MDEQ urges city to reimplement residential waste collections, says temporary drop-off sites not adequate

Jackson residents clean up trash after it was dumped in another yard early in the city's trash...
Jackson residents clean up trash after it was dumped in another yard early in the city's trash crisis.(WLBT)
Published: Apr. 8, 2023 at 12:08 PM CDT
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JACKSON, Miss. (WLBT) - State environmental officials are urging Jackson to reimplement residential solid waste collections as soon as possible, saying the city is in violation of several state statutes.

The Mississippi Department of Environmental Quality sent a notice of violation to Mayor Chokwe Antar Lumumba Friday.

“MDEQ requests that the city take all reasonable action and prudent actions to reestablish curbside solid waste collection as stipulated by the city’s Solid Waste Management Plan and provide for adequate garbage collection as required by state law,” said MDEQ Executive Director Chris Wells wrote.

Residents have been without curbside trash collections since April 1, the day after Jackson’s one-year emergency contract with Richard’s Disposal expired.

At a special called meeting on April 1, the Jackson City Council voted down a request from the mayor to award the New Orleans-based company a six-year, $54 million deal.

The mayor is expected to bring the contract up for a vote again at a special meeting Monday afternoon.

Under state statute, municipalities can be fined up to $25,000 a day for each day it does not provide solid waste collections, either through curbside pickup or “regularly serviced waste receptacles within reasonable distance from the farthest [affected] household,” Wells wrote.

Meanwhile, the state’s top environmental official says the impact of the city’s failure to pick up trash can already be seen.

“MDEQ personnel conducted visual observations of neighborhoods within all seven wards of the city... These observations revealed that garbage and other solid waste has been dumped, stored, stockpiled, and otherwise placed curbside and in streets by residents of the city,” Wells wrote. “These conditions are a result of the lack of adequate collection and disposal services being provided.”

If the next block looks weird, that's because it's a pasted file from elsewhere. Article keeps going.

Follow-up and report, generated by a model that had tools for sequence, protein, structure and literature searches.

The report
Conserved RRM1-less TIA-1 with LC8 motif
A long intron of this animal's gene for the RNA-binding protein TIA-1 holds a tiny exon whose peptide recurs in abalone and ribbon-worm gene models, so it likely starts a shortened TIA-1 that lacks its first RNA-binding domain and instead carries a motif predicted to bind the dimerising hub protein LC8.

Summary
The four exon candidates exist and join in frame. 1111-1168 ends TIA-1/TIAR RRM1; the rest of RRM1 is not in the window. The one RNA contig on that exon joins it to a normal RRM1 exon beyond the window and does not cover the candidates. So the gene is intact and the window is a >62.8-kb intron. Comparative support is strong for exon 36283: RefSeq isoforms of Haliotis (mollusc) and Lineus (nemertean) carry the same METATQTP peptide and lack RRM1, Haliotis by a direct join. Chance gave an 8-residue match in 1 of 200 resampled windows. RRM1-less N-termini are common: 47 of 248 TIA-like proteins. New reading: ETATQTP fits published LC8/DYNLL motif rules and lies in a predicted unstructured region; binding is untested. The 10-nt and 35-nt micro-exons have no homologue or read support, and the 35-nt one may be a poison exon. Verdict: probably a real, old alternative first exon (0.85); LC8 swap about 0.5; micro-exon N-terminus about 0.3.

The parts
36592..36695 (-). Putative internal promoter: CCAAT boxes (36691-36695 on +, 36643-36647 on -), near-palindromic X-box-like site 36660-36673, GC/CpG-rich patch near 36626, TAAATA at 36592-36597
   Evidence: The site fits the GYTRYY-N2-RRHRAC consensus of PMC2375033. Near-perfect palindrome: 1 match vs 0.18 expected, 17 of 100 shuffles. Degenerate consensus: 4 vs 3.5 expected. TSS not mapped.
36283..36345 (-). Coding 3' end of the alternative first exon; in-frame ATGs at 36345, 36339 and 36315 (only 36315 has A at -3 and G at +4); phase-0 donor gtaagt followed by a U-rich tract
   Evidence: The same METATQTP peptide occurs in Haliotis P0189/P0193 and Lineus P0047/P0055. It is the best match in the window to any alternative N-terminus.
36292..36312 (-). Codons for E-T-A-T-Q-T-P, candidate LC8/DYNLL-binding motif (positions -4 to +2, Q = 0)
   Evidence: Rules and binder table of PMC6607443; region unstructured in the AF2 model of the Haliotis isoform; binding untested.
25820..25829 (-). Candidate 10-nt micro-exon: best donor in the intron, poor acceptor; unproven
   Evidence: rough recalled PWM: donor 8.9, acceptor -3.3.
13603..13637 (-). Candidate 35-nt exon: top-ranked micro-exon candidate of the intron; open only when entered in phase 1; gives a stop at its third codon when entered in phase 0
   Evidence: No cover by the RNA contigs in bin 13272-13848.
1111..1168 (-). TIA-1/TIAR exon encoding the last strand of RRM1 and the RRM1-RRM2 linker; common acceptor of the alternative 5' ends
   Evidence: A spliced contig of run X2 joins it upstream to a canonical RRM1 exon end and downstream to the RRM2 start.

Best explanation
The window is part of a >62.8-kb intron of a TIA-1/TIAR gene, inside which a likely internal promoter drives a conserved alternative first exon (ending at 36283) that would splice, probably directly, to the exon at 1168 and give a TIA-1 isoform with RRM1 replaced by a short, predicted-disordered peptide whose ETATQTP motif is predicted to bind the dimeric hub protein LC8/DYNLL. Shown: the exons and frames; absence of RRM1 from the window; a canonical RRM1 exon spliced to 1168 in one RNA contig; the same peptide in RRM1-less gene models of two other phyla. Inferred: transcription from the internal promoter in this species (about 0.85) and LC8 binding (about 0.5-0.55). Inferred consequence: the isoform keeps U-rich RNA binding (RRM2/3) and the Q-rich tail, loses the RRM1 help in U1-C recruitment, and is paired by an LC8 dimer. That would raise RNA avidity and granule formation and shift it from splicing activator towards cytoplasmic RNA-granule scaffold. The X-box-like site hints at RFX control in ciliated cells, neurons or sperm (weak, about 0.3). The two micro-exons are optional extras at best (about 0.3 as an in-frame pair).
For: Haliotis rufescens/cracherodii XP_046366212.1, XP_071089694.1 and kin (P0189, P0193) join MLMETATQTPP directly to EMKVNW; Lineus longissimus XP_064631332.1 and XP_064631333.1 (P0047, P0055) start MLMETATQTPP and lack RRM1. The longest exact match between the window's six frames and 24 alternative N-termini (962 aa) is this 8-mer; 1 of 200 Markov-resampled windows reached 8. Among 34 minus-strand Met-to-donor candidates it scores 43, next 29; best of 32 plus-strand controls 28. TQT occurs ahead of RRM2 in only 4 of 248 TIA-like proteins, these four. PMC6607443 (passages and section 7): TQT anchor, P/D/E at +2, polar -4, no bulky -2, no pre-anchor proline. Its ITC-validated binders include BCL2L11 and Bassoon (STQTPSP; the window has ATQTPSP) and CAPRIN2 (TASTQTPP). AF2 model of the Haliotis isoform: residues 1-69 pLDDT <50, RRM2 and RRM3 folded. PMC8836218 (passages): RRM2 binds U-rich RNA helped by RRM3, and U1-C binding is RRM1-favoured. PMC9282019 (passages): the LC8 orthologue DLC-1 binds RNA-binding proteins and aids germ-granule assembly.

Wells went on to say that the city’s temporary plan to collect garbage is not adequate.

Residents this week were able to drop off their trash at the Metrocenter Mall in front of the old Dillard’s department store. On Saturday, they were able to carry their waste to the Class I rubbish landfill in Byram from 8 a.m. to 3 p.m.

“Based on the limited number of drop-off locations from affected city residents, MDEQ considers the current Solid Waste Action Plan inadequate for the collection and disposal of garbage from city residents,” Wells wrote. “MDEQ insists that the city immediately submit a revised ‘Solid Waste Collection Action Plan,’ which proposes adequate, temporary solid waste collection services to the city as required by Miss. Code.”

Wells recommends that until pickups are re-established, Jackson should set up drop-off sites in each ward or “on a geographical basis that would provide waste collection receptacles within a ‘reasonable distance’ from every household.”

Ward 5 Councilman Vernon Hartley, a former MDEQ official, agrees the mayor should set up additional drop-off sites, and says they should be placed in each neighborhood.

“Thus far, his only solution is to steer the citizens into a potentially $100 million/10-year contract for his favorite vendor.”

Lumumba has presented the Richard’s contract for consideration multiple times in the last year. Each time the proposal has been voted down. The contract would include six initial years of service, as well as four one-year options to extend. Based on the proposal’s price, a 10-year agreement would cost Jackson around $91 million.

Jackson Director of Communications Melissa Faith Payne said the mayor did not have a comment at this time.

In a statement from the mayor’s office on MDEQ’s letter, the city says it’s working diligently to resolve the ongoing dispute.

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